Hemiarthroplasty continues to be a common surgical treatment for glenohumeral arthritis. Unfortunately, some patients will develop painful glenoid arthrosis necessitating revision to total shoulder arthroplasty. Previously reported results of revision have demonstrated variability in results and difficulty. The purpose of this study was to determine the difficulty and results of revision from hemiarthroplasty to total shoulder arthroplasty utilizing modular component systems.

Between 1995 and 2007, the authors identified 15 patients who underwent revision from hemiarthroplasty (HA) to total shoulder arthroplasty (TSA). Patients were assessed with the use of a UCLA score and a visual analogue scale at the time of the latest follow-up (mean, 40 months; range, 24-70 months). Radiographs were assessed for the presence of glenoid loosening, subluxation, and shift in component position.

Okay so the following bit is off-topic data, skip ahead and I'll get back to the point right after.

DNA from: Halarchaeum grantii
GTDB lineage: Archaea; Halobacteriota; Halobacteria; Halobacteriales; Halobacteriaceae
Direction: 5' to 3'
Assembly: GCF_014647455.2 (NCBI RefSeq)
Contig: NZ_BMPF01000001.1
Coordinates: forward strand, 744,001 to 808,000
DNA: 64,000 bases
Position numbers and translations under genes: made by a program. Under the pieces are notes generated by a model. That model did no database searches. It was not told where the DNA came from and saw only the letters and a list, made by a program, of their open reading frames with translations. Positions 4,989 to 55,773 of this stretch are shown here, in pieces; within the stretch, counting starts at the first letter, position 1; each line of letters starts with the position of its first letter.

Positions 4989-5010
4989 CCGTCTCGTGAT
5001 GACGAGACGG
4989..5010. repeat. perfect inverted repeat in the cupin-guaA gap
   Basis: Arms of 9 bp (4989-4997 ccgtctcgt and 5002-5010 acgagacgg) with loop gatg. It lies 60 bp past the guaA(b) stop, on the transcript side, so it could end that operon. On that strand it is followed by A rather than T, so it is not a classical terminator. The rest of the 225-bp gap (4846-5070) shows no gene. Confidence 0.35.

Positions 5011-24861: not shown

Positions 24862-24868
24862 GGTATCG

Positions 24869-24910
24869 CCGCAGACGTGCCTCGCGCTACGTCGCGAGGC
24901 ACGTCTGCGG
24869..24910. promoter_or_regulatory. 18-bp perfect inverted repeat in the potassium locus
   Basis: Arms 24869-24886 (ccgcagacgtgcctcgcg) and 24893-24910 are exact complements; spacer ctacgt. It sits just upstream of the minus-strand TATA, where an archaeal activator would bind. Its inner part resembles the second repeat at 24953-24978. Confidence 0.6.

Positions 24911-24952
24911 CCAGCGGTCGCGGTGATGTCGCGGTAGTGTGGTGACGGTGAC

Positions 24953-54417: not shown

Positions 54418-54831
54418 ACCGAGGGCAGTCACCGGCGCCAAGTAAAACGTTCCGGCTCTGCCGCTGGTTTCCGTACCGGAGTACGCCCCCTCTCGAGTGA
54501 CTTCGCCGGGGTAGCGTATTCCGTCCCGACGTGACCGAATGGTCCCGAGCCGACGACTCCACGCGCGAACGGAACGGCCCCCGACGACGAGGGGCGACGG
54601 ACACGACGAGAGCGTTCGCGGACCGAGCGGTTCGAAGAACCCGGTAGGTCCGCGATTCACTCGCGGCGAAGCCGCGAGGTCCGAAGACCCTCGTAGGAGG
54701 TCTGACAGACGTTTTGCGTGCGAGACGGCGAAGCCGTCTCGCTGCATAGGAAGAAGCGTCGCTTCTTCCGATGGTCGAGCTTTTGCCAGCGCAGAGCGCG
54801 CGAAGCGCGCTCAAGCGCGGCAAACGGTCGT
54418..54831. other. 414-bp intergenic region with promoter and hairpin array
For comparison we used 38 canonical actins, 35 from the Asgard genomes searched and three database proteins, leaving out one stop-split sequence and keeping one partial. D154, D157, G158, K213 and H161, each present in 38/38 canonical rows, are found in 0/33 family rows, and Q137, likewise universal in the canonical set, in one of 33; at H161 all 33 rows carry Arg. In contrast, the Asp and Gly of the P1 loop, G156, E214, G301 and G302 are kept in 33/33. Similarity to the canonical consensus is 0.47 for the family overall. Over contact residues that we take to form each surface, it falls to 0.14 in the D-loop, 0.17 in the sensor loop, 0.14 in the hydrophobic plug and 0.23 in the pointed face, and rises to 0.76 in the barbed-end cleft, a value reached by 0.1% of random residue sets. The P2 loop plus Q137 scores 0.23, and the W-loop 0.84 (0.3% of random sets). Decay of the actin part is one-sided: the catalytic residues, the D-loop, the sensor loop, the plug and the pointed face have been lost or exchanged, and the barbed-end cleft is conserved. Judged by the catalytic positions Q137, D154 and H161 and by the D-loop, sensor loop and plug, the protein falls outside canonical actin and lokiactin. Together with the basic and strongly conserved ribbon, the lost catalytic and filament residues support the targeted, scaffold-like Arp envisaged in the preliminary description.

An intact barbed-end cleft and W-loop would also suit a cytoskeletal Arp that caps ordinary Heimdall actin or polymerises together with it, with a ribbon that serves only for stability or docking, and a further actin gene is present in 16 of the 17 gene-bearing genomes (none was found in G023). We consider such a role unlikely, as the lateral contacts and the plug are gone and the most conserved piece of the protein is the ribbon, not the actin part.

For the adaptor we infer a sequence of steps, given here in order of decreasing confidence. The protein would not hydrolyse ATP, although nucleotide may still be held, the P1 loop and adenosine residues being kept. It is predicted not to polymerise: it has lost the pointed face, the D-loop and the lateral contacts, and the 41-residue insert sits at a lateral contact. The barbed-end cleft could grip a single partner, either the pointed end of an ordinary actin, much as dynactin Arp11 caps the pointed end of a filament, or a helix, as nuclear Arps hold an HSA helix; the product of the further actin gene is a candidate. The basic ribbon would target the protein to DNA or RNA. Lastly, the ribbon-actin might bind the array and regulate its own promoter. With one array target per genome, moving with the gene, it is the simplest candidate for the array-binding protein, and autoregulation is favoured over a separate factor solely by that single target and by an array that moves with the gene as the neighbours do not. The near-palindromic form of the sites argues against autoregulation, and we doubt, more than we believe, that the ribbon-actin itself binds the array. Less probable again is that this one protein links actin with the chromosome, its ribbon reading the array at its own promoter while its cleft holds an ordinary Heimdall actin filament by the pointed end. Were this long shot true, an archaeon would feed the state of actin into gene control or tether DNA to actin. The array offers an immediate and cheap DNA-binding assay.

Revision HA to TSA was significantly associated with pain relief (P < .01) as well as improvement in forward elevation from a mean of 91° to 141°. According to the UCLA scoring, the result was excellent in 9 shoulders, good in 5, and fair in 1. No instances of humeral or glenoid loosening were identified at the most recent examination. Only 2 stem revisions were necessary in this series of modular shoulder arthroplasties.

The data from this study suggest that revision of painful HA for glenoid arthrosis to TSA is a reliable procedure with good improvements in pain, range of motion, and function. With modular components, the complexity of the procedure is minimized. Poor results and the need for stem revision are infrequent occurrences.

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